The Honourable the Council of the Massachusetts Bay
May it please your Honours
We have the Honour to inclose a Copy of a Letter just received from Monsieur De Sartine, the Minister of State for the Marine of this Kingdom, in answer to which We have had the honour to assure his Excellency that We would embrace the first Opportunity of communicating it to your honours.
We have not the smallest doubt of the good Inclinations of the People in America to supply the Necessities of their Friends at Saint Peters and Miquelon, nor of the Abilities of those in the Northern States to do it effectually, provided the British Men of War are withdrawn from the Hallifax and Newfoundland Stations. Perhaps it may be done notwithstanding the dangers of Men of War. We hope however it will be attempted. There is no doubt that a good Price may be obtained, at the same time that an acceptable Act of Friendship and of Humanity, will be performed.
We have the Honour to request that this Letter and its Enclosure may be laid before the General Court, and that such Measures may be taken as their Wisdom shall dictate, for the accomplishment of so desirable a purpose. We have the Honour to be
B. Franklin, Arthur Lee, John Adams.
To the President of Congress
We have the Honour of inclosing a Copy of a Letter from his Excellency Monsieur De Sartine, The Minister of State for the Marine of this Kingdom in Answer to which We have had the Honour to assure his Excellency that We would embrace the first Opportunity of communicating it to Congress.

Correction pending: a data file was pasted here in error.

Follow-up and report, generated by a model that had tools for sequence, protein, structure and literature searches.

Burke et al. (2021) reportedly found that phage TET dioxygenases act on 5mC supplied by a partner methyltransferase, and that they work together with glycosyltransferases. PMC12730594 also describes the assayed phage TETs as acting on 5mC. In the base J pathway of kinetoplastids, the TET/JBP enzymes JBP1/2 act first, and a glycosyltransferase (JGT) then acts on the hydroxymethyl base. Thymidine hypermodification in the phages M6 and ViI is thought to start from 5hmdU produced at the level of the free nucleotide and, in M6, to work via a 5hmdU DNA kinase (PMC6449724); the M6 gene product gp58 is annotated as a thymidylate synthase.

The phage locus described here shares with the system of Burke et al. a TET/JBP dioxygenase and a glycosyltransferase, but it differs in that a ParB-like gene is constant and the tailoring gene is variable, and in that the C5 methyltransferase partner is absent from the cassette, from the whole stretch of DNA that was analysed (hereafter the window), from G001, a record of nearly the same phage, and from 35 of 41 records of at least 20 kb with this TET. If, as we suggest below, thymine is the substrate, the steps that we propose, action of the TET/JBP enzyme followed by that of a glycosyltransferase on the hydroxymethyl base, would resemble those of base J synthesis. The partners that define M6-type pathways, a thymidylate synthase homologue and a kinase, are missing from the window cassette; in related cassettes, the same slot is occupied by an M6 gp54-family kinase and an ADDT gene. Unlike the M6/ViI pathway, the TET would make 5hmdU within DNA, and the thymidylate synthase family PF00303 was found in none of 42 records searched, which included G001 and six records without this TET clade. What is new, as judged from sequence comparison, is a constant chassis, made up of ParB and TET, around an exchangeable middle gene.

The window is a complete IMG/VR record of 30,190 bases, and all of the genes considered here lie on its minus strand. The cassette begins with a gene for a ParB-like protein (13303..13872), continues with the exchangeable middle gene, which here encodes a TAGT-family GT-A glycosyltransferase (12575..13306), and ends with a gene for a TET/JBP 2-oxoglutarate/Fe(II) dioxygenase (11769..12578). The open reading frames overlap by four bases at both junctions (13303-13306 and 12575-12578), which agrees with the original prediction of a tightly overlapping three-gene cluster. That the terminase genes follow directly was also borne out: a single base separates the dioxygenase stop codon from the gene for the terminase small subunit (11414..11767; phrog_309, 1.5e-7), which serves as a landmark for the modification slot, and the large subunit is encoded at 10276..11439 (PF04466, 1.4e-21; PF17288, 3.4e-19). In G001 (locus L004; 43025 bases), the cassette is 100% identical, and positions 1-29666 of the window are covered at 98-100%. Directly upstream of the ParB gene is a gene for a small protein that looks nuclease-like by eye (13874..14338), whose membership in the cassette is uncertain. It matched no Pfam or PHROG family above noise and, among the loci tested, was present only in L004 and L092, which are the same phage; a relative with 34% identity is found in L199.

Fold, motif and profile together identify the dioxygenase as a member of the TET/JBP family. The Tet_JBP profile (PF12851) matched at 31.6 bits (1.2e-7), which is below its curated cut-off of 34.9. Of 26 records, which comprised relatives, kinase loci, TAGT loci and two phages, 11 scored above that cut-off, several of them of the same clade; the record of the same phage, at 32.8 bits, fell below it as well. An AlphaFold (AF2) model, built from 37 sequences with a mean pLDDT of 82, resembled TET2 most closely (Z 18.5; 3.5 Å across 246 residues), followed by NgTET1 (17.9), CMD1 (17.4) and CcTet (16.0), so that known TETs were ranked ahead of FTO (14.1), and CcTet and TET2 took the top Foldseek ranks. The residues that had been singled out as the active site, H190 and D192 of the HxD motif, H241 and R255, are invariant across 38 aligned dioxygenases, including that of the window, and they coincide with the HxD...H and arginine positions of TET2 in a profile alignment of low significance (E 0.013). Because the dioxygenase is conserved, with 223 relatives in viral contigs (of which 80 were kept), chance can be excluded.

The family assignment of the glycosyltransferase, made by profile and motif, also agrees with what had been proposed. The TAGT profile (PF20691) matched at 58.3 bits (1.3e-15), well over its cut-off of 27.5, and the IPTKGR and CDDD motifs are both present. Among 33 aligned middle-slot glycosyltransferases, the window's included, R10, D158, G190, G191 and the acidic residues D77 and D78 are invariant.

B. Franklin, Arthur Lee, John Adams.
Monsieur De Sartine
We have the Honour of your Excellencys Letter of the fourteenth instant, and We shall embrace the first Opportunity of writing to Congress and to the Government of The Massachusetts Bay, And enclosing Copys of your Excellencys Letter to Us, which We are persuaded will have the most powerfull Influence with them to exert themselves

and to recommend to their Fellow Citizens to engage in Expeditions for the relief of the Inhabitants of St. Peters and Miquelon. There is not the smallest doubt of their Ability to supply the Wants of their Friends at those places provided the British Men of War are should be withdrawn from the Newfoundland and Hallifax Stations, but if there should remain as many Ships of War on those Stations as there have been for the last two Years, the difficulty will be very great.
We have the honour to inclose to your Excellency a Copy of a Letter just received from Mr. Schweighauser, whereby your Excellency will see the difficulties that still embarrass our Frigates, in relation to their Prizes. We entreat your Excellencys further Attention to the Subject and that orders may be given for the Releif of our Officers and Men from their Embarrassments.